Domains of the (a) original and (b) transformed equations and their boundary curves; waves from a point (ξ,η) in the region L1 in (b) propagate to the point (ξ˜,η˜) after one reflection from the two boundary curves

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Fig. 3

Compression of an infinitesimal wave after reflection from the left boundary x = xl(t)

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Fig. 5

Period-1 through period-3 parametric instability regions in case II with ν0 = 0.5, ν21 = 0.1414, ν22 = 0, φ1 = 0, and φ2 = 0

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Fig. 4

Sum of three velocity vectors ν→eq1, ν→eqr, and ν→eql in the polar coordinates

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Fig. 6

Wave pattern of the translating string in case II with (ω,ν1) = (2.3562,0.3), which is in the period-1 parametric instability region with k = 1, at t = 24

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Fig. 7

Wave pattern of the translating string in case II with (ω,ν1) = (3.5,0.3), which is in the period-2 parametric instability region with k = 3, at t = 96

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Fig. 8

Wave pattern of the translating string in case II with (ω,ν1) = (3.15,0.3), which is in the period-3 parametric instability region with k = 4, at t = 312

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Fig. 9

Period-1 through period-3 parametric instability regions in case III with ν0 = 0.5, ν21 = 0.1414, ν22 = 0.1414, φ1 = 0.5π, and φ2 = 1.5π

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Fig. 10

Wave pattern of the translating string in case III with (ω,ν1) = (2.3562,0.3), which is in the period-1 parametric instability region with k = 1, at t = 24

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Fig. 11

Wave pattern of the translating string in case III with (ω,ν1) = (3.4,0.3), which is in the period-2 parametric instability region with k = 3, at t = 48

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Fig. 12

Wave pattern of the translating string in case III with (ω,ν1) = (3.055,0.3), which is in the period-3 parametric instability region with k = 4, at t = 72

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Fig. 13

Vibratory energy growth in case III: (a) (ω,ν1) = (2.3562,0.3), which is in the period-1 parametric instability region; (b) (ω,ν1) = (3.4,0.3), which is in the period-2 parametric instability region; and (c) (ω,ν1) = (3.055,0.3), which is in the period-3 parametric instability region

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Fig. 14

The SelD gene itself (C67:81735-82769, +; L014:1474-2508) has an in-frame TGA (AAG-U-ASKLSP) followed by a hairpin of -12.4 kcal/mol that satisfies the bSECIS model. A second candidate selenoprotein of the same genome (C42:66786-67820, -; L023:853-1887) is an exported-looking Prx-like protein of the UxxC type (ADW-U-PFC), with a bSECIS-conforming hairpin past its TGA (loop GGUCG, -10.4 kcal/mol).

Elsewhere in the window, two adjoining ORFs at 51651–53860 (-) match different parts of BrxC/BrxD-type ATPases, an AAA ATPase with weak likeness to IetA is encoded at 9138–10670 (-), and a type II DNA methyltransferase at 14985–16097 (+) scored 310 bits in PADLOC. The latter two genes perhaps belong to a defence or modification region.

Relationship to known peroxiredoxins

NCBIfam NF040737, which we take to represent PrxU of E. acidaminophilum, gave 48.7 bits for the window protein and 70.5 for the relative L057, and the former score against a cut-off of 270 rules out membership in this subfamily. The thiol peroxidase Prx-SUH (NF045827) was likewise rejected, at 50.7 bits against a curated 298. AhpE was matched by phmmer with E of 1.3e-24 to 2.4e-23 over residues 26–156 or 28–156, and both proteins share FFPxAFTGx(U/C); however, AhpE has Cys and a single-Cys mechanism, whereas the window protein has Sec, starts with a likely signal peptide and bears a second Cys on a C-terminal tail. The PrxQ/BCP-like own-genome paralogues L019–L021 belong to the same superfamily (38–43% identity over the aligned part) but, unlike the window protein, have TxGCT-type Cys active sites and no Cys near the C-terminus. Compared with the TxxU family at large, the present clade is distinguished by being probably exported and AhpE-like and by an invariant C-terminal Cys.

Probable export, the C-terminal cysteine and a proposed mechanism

Period-1 parametric instability regions in case IV with ν0 = 0, ν1 = 0, ν22 = 0, φ1 = 0, and φ2 = 0

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Fig. 15

Wave patterns of the stationary string in case IV with period-1 parametric instability at t = 24: (a) (ω,ν21) = (π,0.3) corresponding to k = 1, (b) (ω,ν21) = (2π,0.3) corresponding to k = 2, (c) (ω,ν21) = (3π,0.3) corresponding to k = 3, and (d) (ω,ν21) = (4π,0.3) corresponding to k = 4

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Fig. 16

Period-1 parametric instability regions in case V with ν0 = 0, ν1 = 0, ν22 = 0.1414, φ1 = 0.5π, and φ2 = 1.5π

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Fig. 17

Wave patterns of the stationary string in case V with period-1 parametric instability at t = 24: (a) (ω,ν21) = (π,0.3,) corresponding to k = 1, (b) (ω,ν21) = (2π,0.3) corresponding to k = 2, (c) (ω,ν21) = (3π,0.3) corresponding to k = 3, and (d) (ω,ν21) = (4π,0.3) corresponding to k = 4

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Fig. 18

Schematic of a translating string with a constant length and an arbitrary translation velocity V(T)

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Fig. 19

Transverse displacement of the translating string at X = 5 m calculated using Galerkin’s method from (a, b) the original linear model, (c, d) the nonlinear model, and (e, f) the intermediate linear model for (a, c, e) V(T) = 15.7720 + 3.1544 sin(6.3088T) m/s, which corresponds to stable solutions, and (b, d, f) V(T) = 15.7720 + 7.4696 sin(7.7844T) m/s, which corresponds to unstable solutions; 50 terms are retained in (a) and (e), 1000 terms are retained in (b) and (f), 10 terms are retained for U(X,T) and W(X,T) in (c), and 40 terms are retained for U(X,T) and W(X,T) in (d)

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Fig. 20

Transverse vibratory energy of the translating string from (a, b) the original linear model, (c, d) the nonlinear model, and (e, f) the intermediate linear model for (a, c, e) V(T) = 15.7720 + 3.1544 sin(6.3088T) m/s, which corresponds to stable solutions, and (b, d, f) V(T) = 15.7720 + 7.4696 sin(7.7844T) m/s, which corresponds to unstable solutions